Living with Painsomnia
It doesn’t matter if it is 11pm or 2am. Anyone seeking solidarity during a long night awake with pain can find a virtual friend on the Twitter #Painsomnia hashtag or by mentioning it on other tags frequented by people living with a chronic disease.
Painsomnia is a patient-generated term for the vicious cycle of pain and sleep deprivation or fatigue related to a chronic condition or its treatment. Evolving from social media discussions, painsomnia is a shorthand description that helps people relate to each other in posts about being prodded awake by pain and being unable to find a comfortable position in bed or to “settle down” for sleep and rest. Anxiety and frustration about lack of sleep and its impact on functioning the next day often accompany patients’ painsomnia experiences and virtual discussions.
While many people living with a chronic disease, such as inflammatory arthritis, experience painsomnia, there is no research that defines patients’ experience of painsomnia. A “PubMed” search yields no research that uses this terminology. Alternatively, “chronic pain and sleep” and “arthritis and sleep” are proxy search terms to find research that provides insights into painsomnia. Perhaps unsurprisingly, there is substantial evidence that people with arthritis and other painful chronic conditions have trouble sleeping.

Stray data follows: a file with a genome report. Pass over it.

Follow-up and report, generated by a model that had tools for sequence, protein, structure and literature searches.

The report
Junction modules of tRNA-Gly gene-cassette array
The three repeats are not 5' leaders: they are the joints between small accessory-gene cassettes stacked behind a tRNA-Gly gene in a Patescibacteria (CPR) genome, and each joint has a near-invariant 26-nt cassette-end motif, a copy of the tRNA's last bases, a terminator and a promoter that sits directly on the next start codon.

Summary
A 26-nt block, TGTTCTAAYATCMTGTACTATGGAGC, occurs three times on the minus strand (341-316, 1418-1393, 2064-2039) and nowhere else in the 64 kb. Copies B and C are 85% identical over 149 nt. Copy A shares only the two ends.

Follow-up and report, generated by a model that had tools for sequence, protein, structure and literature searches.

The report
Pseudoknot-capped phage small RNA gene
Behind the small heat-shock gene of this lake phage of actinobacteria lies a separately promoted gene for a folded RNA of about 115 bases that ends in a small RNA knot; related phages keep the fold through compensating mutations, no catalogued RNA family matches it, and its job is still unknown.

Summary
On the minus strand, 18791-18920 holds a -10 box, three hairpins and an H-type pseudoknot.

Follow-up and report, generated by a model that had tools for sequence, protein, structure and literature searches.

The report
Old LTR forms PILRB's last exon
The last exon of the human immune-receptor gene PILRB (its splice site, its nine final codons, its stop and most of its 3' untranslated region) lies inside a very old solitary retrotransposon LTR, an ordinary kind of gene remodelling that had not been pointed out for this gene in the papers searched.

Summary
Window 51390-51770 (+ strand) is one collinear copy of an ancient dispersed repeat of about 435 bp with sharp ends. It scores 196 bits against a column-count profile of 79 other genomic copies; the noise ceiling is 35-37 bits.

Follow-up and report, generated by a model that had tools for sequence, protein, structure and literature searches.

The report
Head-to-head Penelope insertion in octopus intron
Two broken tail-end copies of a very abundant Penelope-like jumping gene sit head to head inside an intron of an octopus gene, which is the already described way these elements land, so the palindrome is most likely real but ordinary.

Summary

Which Came First: Chronic Pain or Lack of Sleep?
Nearly 8 in ten people who live with chronic pain complain of poor sleep. One 2016 study reported that chronic pain is “associated with symptoms that may impair a patient’s quality of life, including emotional distress, fatigue, and sleep disturbance,” highlighting the pain’s disruption of restful sleep. The authors point out that clinicians who focus on pain management may be neglecting to address sleep issues. And since poor sleep is associated with lower pain tolerance and an increased risk of chronic pain, lack of clinical attention to sleep disturbance may be neutralizing pain management efforts.
Guiding Patients to Better Sleep and Less Pain
While the term painsomnia may not be familiar to rheumatology professionals, it is an important concept for patients to use with their doctor when describing a cycle of pain, lost sleep, fatigue and lack of productivity. In this case study, the patient brought her data to the physician and they discussed what changes could be made to her treatment and lifestyle to improve both her pain and sleep. They elected to try a modified diet (with less gluten and dairy), increased exercise, and better sleep hygiene, all of which seemed to decrease her episodes of painsomnia.